One of the oldest symbols in Japanese mythology is the 3-Legged Bird, called Yatagarasu (å…«å’«çƒ) in Japanese. This legendary bird was said to have led the Emperor Jimmu from Kumano no kuni (ç†Šã®å›½), which is present-day Wakyama Prefecture, to Yamato no kuni (å¤§å’Œå›½), which is present-day Nara Prefecture. The three-legged (or “tripedal”) bird is a creature found in various mythologies and arts of Asia, Asia Minor, and North Africa.It is often thought to inhabit and represent the sun.
In Japanese mythology, the appearance of Yatagarasu is construed as evidence of the will of Heaven or divine intervention in human affairs. It is generally accepted that Yatagarasu is an incarnation of Taketsunimi no mikoto, but none of the early surviving documentary records are quite so specific. The shinto goddess Amaterasu was also said to transform into a Raven (or the raven transforms into the goddess) as worship of Amaterasu to the exclusion of other kami has been described as “the cult of the sun”.
On many occasions, it appears in art as a three-legged bird, although there is no description stating that the Yatagarasu was three-legged in the Kojiki.
This 3-legged crow can be seen on a number of items from pre-war Japan and in post-war Japan one can see it in select shrines and also on the uniform of the national soccer team. In pre-war Japan the Imperial Japan Soldier Relief League used the yatagarasu image on a series of membership and merit badges.
The appearance of this figure appeared in two early Japanese sources, the Nihon Shoki (æ—¥æœ¬æ›¸ç´€)and the Kojiki (å¤ äº‹è¨˜). However, in these and other early sources there is no mention of the number of legs. This seems to have been a later addition, but it is unclear when this happened. In addition, there seems to have been some early confusion between the yatagarasu and the golden kite because in the Kojiki the bird did not lead the Emperor; the kite did. The yatagarasu did appear in the Kojiki, though.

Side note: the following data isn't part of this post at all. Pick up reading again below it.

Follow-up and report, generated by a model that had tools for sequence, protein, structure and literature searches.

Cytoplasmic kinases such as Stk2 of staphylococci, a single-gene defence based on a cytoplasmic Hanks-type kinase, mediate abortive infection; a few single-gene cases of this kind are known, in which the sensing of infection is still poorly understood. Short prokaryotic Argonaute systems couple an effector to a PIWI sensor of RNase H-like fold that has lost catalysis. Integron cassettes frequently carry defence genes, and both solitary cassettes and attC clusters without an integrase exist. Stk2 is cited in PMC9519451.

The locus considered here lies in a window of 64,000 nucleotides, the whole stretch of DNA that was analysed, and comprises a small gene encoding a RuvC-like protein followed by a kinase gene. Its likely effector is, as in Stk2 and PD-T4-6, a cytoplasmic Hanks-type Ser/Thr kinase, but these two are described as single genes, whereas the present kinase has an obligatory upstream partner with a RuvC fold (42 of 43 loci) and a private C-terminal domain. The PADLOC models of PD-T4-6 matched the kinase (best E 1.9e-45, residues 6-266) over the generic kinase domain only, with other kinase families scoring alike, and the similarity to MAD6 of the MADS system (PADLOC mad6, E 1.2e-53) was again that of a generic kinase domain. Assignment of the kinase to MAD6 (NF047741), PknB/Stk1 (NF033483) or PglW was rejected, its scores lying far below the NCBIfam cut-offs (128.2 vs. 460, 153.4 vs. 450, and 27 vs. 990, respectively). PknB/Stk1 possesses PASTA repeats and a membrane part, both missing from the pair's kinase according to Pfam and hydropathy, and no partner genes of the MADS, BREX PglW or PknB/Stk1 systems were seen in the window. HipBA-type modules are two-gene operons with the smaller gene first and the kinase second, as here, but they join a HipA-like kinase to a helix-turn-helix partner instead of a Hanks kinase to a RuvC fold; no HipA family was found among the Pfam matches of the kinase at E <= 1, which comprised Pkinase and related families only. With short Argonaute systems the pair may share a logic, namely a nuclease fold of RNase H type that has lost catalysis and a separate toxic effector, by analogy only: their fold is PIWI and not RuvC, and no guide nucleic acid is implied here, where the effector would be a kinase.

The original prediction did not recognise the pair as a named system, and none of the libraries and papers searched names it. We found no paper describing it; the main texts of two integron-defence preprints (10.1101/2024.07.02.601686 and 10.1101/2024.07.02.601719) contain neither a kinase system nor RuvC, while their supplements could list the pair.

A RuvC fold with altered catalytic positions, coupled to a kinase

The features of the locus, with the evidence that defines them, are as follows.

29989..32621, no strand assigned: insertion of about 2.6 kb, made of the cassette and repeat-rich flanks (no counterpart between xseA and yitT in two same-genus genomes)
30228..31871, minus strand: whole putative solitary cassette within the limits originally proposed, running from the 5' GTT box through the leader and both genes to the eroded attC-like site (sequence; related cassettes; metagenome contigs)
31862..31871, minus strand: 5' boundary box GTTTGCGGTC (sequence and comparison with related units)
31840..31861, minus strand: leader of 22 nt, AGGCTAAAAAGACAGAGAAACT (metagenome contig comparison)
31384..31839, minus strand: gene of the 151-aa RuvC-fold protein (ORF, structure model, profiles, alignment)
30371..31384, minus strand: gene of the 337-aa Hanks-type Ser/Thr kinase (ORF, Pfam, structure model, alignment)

Ravens and Crows have since appeared in classical Japanese art and textiles for hundreds of years. Most woodblock prints were produced during the Japanese feudal era by dedicated publishing houses employing skilled writers, artists, wood carvers and woodblock printing facilities. A single print could be produced many times over until interest in the title waned or until the carved wooden blocks used to make the images began to wear and the quality of the impressions failed. Birds such as cranes, crows, sparrows, and swallows are so prevalent in these pieces that we decided to give this gallery its own page. Enjoy!
Ukiyoe Gallery is not only an online gallery of over 2,000 Japanese woodblock prints (“ukiyo-e” and “shin-hanga”), but is also an extensive “Library” of reference articles about Japanese woodblocks, publishers, artists, printmaking techniques, and anyone who wants to find out more about this wonderful art style.